THE NORTHUMBRIAN RENAISSANCE AND ITS BACKGROUND
THIS SERIES of lectures began with a summary discussion of the way in which classical ideas in general, and in particular some classical scientific ideas, were transmitted through the middle ages. The impression such a survey gives is of the remarkable, if often isolated, persistence of certain classical notions. In some form -- often but not always a distorted form -- some of them reappear again and again. Some, where the critical text was in Latin, were continuously available, if seldom understood, and it is difficult to predict where or when or why one suddenly emerges into prominence, with the result that we are confronted with a work to which classical canons may be applied. This is true of the arts also; and the recurrence of strongly classical work is more frequent in the early than in the later middle ages. From the 4th to the 7th century works are from time to time produced which are so thoroughly steeped in the classical tradition that they are almost impossible to date: works like the Brescia reliquary, some panels in the throne of Maximian at Ravenna, the Virgil Codex Vaticanus, the Castel Seprio paintings that will be considered in a moment (41; 34a, 39a, b, 40b); or we might add the Joshua Rotulus (40a), or at a much later date some of the classical imitations in sculpture of the 12th and 13th centuries. If an exact date were not available in literary sources for the 12th century Liège font (111-115), it might prove an almost insoluble problem for the antiquary to date it. So when at the end of our first lecture, classical art was spoken of as dying, that phrase calls for many reservations. In the style of the Poitiers sarcophagus (18d) it appears to be dead. But at that same moment it may be found elsewhere very much alive.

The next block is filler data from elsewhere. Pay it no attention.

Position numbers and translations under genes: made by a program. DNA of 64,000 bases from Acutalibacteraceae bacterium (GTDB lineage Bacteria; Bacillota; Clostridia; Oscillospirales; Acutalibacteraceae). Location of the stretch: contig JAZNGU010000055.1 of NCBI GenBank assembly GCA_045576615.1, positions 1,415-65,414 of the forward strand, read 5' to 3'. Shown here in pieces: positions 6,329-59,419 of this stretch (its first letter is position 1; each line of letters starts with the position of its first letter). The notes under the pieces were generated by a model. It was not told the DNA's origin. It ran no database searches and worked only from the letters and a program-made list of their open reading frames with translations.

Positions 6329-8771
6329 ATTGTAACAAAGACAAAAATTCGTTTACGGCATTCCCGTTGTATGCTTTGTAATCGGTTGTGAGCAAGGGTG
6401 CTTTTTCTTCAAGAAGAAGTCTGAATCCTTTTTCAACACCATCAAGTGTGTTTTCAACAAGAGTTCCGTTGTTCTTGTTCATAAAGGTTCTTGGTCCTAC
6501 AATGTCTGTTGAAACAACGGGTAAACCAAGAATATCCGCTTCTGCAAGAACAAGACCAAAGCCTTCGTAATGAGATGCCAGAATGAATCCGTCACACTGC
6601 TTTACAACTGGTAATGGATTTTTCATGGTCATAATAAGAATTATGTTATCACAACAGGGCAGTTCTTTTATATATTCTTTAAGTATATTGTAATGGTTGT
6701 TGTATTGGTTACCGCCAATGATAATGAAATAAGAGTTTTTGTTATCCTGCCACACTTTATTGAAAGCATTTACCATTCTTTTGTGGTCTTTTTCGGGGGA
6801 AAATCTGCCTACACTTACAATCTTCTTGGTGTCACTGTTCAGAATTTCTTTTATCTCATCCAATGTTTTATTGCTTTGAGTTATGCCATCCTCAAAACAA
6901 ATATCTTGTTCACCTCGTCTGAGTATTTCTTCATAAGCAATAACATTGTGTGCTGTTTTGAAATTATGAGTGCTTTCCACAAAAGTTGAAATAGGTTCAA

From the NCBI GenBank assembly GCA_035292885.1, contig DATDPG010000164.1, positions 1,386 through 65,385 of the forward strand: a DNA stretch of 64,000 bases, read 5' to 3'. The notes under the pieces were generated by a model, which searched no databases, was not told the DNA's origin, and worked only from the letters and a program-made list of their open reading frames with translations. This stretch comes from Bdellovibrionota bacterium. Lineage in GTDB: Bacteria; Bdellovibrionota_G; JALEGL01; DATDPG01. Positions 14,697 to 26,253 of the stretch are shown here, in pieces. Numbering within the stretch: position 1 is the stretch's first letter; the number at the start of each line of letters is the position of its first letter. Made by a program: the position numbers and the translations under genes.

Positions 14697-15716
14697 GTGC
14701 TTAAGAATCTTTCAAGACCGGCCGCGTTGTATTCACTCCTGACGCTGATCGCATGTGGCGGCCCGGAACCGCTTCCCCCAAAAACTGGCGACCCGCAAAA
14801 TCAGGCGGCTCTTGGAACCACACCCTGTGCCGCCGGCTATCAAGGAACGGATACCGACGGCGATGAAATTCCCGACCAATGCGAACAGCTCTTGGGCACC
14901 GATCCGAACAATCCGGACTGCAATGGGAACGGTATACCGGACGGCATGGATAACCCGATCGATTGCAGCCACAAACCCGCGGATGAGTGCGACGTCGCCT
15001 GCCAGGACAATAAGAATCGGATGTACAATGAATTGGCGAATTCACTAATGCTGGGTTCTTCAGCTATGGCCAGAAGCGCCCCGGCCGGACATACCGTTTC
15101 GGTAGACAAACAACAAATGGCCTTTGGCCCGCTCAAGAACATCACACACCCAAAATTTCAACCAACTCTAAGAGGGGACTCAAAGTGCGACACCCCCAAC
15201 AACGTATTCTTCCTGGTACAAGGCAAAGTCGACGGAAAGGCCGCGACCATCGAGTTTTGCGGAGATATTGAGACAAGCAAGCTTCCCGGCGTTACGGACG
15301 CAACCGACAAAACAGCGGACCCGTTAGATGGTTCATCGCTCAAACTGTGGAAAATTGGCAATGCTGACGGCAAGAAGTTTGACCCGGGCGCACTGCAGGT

The so-called renaissance of the 8th and 9th centuries, however, is more than the sporadic reappearance of individual works influenced by classical models. And as the revival in literature and education in the 8th and 9th centuries in Western Europe provides both parallels, and also contrasts, with the revival in the arts, it is worth attempting, in spite of the obvious pitfalls, to provide a summary